Yes. We do not force any of the men to stay against their will. But, our code of conduct, which they sign
on admission, states that anyone who leaves is not allowed to return.
Will 100 beds be enough to serve all the homeless men on the Eastside? Are there other shelters for
Eastside men?
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For the past three years Bellevue and CFH have operated a low barrier shelter in the city. The capacity
has been 100 men. Our average population has been 70-75. In addition, with the services available in
the day center, men should more rapidly transition to permanent housing. If a time comes when more
than 100 men come to the shelter we will take them in and help find them another shelter the following
night. We have not had an issue with needing more capacity all the years we have run the shelter.
Much analysis of past data was done to set the capacity at 100 men. This will meet the needs of the
Eastside community. There are no plans to increase the facility.
Where does the overflow of the people go?
CFH will make sure that no one is turned away in the surrounding neighborhoods. If we exceed capacity
we will work with other shelters to send excess clients.
What happens when an individual is turned away for any reason?
Our aim, which protocol supports, is to not turn anyone away into the streets. We have this intent for a
number of reasons, most importantly to avoid death by exposure to the harsh elements of winter. We
will allow them to stay overnight, under close supervision from staff. In the morning, we inform them of
what we will need going forward. We offer support by connecting them to a case manager, street
outreach worker, and/or provide transportation assistance. If any incident escalates to a need for
support of law enforcement, we contact Bellevue Police.
Is there a limit to how long someone can stay without taking steps to end his homelessness?
No. There is no limit but this type of environment is influential in motivating individuals to make changes
in their lives.
How do you deal with someone causing repeated issues?
We work with them to overcome those issues, by holding them accountable for their actions with
consequences and connecting them to supports that help to get to the root of the issues. We work
towards healing and transformation in these men’s lives, and we know that the greatest impact of
healing and transformation is relationship.
Would shelter bring in more people?
A vast majority of people experiencing homelessness are connected to specific geographical
communities just like those who are housed. People experiencing homelessness often have a daily
routine and a community of support in a particular location. They prefer to stay in that geographical
area. A majority of the clients that CFH serves have become homeless while living on the Eastside and
continue to have substantial connections to the Eastside. The Eastside has several hundred people
experiencing homelessness who are camping, couch surfing, sleeping on the streets, or living out of their
car who will utilize the shelter/day center.
Last season, we averaged 75 men per night at the overnight shelter. We anticipate a similar number this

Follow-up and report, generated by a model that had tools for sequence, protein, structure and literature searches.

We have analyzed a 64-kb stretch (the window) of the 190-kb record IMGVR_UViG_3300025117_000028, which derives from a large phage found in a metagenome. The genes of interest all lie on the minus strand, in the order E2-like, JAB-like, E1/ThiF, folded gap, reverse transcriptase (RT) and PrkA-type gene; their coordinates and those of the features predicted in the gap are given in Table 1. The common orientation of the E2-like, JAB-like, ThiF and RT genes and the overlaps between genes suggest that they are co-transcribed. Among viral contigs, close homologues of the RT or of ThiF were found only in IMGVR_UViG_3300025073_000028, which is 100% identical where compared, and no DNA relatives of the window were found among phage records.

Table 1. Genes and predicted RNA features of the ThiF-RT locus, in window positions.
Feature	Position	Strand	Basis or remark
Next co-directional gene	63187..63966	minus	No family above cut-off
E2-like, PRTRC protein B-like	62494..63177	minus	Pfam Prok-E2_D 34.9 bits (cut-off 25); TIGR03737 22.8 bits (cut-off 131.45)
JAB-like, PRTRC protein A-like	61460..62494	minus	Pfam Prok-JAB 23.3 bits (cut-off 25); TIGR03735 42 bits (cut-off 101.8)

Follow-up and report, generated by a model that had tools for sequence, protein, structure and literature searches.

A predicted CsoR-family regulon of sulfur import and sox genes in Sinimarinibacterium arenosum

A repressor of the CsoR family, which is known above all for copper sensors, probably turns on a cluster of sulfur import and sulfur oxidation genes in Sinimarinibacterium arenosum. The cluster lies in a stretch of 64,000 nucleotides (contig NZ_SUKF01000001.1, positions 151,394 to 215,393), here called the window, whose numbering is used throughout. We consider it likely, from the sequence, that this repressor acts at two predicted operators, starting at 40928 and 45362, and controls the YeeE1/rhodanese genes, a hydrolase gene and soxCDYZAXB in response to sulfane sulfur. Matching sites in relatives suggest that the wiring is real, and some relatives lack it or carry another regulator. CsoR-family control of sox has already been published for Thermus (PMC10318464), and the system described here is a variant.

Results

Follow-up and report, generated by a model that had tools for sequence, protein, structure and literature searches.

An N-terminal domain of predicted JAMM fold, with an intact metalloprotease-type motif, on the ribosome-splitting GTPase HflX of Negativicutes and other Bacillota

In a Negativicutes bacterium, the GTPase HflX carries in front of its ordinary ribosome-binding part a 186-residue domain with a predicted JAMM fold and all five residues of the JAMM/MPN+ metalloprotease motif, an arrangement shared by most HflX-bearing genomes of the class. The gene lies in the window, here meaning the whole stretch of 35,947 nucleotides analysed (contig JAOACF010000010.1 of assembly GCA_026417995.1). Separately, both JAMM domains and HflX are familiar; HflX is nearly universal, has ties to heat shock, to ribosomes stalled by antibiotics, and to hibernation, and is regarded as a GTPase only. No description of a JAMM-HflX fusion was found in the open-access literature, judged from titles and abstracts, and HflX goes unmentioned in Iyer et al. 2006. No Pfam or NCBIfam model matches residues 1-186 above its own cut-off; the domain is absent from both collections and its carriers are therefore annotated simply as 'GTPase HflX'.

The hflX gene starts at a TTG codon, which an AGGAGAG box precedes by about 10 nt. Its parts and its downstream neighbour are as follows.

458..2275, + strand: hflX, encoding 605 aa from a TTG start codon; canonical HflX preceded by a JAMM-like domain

season. This new site allows us to have day services offered to the men as well. The day center will hold
the average number of men that we serve. The day services will include meals (breakfast and lunch),
showers, laundry, and connection to supportive services such as addiction recovery support, veteran
services, employment services, medical and mental health services, life skills classes and the like. With
day services, individuals will not need to leave the site. There are a number of men who get up early and
leave for work, others leave for appointments, or family obligations. With day services offered and
people going about the business of their lives, the traffic flow will be a trickle throughout the day. The
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day services will end at 3pm, with the shelter reopening at 7pm. From our experience, 98% of the men
leave the site without lingering or loitering because their livelihood (shelter and services) are in jeopardy
if they do so.
Are any of the “residents” pan handlers?
There is a chance that a very small percentage of the men accessing the shelter and/or day center are
pan handling.
What is going to stop people from hanging around waiting for shelter space? Loitering in parking lot?
It is part of the code of conduct agreement to not linger or loiter. They risk access to needed services
(safe, warm space where they are welcomed, feel like they belong, and access to community) if they
linger or loiter. CFH staff does regular perimeter checks after closing, during the time they are closed,
and before they open to address any loitering. CFH also partners with our neighbors to know who,
when, and where loitering may have occurred and to address it with the individuals and the group
during weekly community meetings.
Will people be loitering in the area like Pioneer Square or Westlake?
No! The culture is totally different in Seattle. The vast majority of our shelter residents are from the
Eastside or have a connection to the Eastside and stay here because of the culture. Our clients are
protective of the Eastside and its culture. They are afraid of and more importantly openly exposed to
dangers that those without a vested interest in the community can impose.
How do you plan to keep crime down?
CFH is committed to the safety of the entire community, but it is unrealistic to say that we can prevent
crime from happening at all. However, in the last three years of operating a shelter of this size, we have